Stimulant laxatives act through direct contact with the submucosal (Meissners) plexus and the deeper
myenteric (Auerbachs) plexus, resulting in predominantly a motor but also a secretory effect on the
bowel. Stimulant laxatives provide a logical approach to the correction of opioid-induced constipation
because their motor and secretory effects help counteract the opioid-induced increase in ring contrac-
tions (segmenting activity), decrease in propulsive intestinal activity and enhanced resorption of fluid
and electrolytes. However, in practice, a combination of a stimulant laxative and a fecal softener is still
often prescribed.4,12,25,26

Box. Classification of commonly used laxatives

Bulk-forming agents (fiber)


Methylcellulose, e.g., Celevac
Psyllium (ispaghula) husk, e.g., Fybogel, Metamucil, Regulan
Sterculia, e.g., Normacol
Fecal softeners
Surface-wetting agents (detergents/surfactants)
Docusate sodium
Poloxamer 188, e.g., in co-danthramer (UK)
Lubricants
Arachis oil
Mineral oil (liquid paraffin)
Osmotic laxatives
Magnesium salts, e.g.,
 liquid paraffin and magnesium hydroxide oral emulsion BP
 magnesium hydroxide suspension (Milk of Magnesia)
 magnesium sulfate (Epsom Salts)
Lactulose and other non-absorbable sugars
Polyethylene glycols (macrogols)
Stimulant laxatives
Acting on small and large bowel
Bisacodyl
Dantron (in co-danthramer and co-danthrusate, UK)
Acting on large bowel
Senna
Sodium picosulfate (UK)
308 Twycross et al. Vol. 43 No. 2 February 2012

Lactulose, an osmotic laxative, increases the volume of fluid reaching the large bowel where it is also
converted by bacterial fermentation into short-chain fatty acids and gases. The resultant lowering of pH
and/or release of peptides may stimulate bowel motility.27 Docusate acts predominantly as a detergent/
surfactant, i.e., lowers surface tension, thereby enabling water and fats to penetrate into the substance of
the feces. It also may inhibit water absorption in both the small and large bowel.28

Characteristics of Stimulant Laxatives


Senna (sennosides) is a naturally-occurring plant-derived anthranoid. It is an inactive glycoside which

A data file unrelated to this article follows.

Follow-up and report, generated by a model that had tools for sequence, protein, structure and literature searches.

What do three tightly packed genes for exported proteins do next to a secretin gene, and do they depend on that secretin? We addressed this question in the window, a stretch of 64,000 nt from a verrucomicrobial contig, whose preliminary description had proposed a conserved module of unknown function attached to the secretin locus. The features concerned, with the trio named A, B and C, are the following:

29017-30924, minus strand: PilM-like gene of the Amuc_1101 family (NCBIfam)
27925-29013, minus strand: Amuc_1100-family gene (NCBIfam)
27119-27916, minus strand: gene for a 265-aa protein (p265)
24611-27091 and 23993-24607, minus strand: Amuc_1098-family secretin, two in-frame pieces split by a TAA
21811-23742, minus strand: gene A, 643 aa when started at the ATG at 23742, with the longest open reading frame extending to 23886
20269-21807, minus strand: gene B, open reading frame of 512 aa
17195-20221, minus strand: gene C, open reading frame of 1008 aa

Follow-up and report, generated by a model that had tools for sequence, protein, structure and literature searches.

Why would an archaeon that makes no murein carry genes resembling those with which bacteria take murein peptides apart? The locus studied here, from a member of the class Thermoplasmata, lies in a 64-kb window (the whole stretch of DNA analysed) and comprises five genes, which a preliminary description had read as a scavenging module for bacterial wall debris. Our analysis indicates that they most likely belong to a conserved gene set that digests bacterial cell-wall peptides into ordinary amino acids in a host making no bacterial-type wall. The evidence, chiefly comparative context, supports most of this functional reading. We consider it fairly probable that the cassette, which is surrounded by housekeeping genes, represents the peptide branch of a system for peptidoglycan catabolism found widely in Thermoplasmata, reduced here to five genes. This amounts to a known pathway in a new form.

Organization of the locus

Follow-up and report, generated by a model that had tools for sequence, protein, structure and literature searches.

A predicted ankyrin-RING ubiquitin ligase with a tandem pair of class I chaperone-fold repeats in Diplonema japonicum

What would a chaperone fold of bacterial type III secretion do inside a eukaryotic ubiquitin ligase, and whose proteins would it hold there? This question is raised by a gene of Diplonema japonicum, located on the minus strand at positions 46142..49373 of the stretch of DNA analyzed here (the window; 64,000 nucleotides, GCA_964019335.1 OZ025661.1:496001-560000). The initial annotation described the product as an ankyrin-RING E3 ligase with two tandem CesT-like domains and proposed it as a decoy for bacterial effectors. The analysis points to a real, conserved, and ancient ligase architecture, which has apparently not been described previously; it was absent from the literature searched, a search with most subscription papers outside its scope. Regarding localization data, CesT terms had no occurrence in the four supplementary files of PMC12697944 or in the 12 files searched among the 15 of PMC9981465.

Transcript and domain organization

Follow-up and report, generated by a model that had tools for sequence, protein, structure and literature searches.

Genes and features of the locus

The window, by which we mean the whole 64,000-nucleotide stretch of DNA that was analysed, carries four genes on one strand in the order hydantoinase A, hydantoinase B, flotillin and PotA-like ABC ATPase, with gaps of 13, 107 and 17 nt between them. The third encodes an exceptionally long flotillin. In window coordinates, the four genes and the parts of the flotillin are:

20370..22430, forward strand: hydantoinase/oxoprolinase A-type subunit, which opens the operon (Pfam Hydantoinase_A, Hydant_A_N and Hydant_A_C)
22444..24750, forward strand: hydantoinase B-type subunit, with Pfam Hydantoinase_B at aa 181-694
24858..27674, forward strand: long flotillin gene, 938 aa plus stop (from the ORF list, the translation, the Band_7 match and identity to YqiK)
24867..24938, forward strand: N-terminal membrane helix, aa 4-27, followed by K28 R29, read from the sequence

passes unabsorbed and unchanged through the small bowel and is hydrolyzed by bacterial glycosidases in
the large bowel to yield active compounds.29 Thus, senna has no effect on the small bowel but becomes
active in the large bowel. Differences in bacterial flora may be partly responsible for differences in indi-
vidual responses.
Dantron (not available in the USA), a synthetic anthranoid, is not a glycoside and has a direct action on
both small and large bowel.30 Whereas systemic absorption of senna or its metabolites is negligible, dan-
tron is absorbed to some extent from the small bowel with subsequent significant urinary excretion (see
Undesirable Effects). Combination products with docusate or poloxamer 188 have been used, and are
still widely used by palliative care services in the UK. However, because of concerns regarding carcinoge-
nicity, UK licences for laxatives containing dantron are restricted to constipation in terminally ill patients
(see Cautions).
Phenolics such as bisacodyl and sodium picosulfate are also pro-drugs. They are hydrolyzed to the
same active metabolite but the mode of hydrolysis differs.29 Bisacodyl is hydrolyzed by intestinal enzymes
and thus acts on both the small and large bowel. When applied directly to the intestinal mucosa in
normal subjects, bisacodyl induces powerful propulsive motor activity within minutes.31 Bisacodyl is often
given by suppository. The laxative effect is the result of local direct contact with the rectal mucosa after
dissolution of the suppository, and after activation by hydrolysis. Thus, the minimum time for response is
generally >20 min.32 In contrast, sodium picosulfate is hydrolyzed by colonic bacteria and its action is thus
confined to the large bowel. Its activity is potentially more uncertain because it depends on bacterial
flora.
Phenolphthalein is another stimulant laxative, and is present in some proprietary laxatives.
Phenolphthalein exists in two forms: white and yellow. The yellow form contains several impurities
produced during manufacture. These impurities enhance the laxative effect of phenolphthalein so
that the comparable dose of the yellow form is only two-thirds that of the pure white form. The active
constituent of phenolphthalein is released in two stages: by metabolism in the liver and subsequently
in the colon, and it probably undergoes enterohepatic circulation.33 Some people respond to small
doses. However, it can cause a drug rash (see Undesirable Effects) and is generally not considered
a first-line laxative.

Onset of action
Bisacodyl tablets 6e12 h; suppositories 20 mine3 h (mean 1 h).32
Dantron 6e12 h.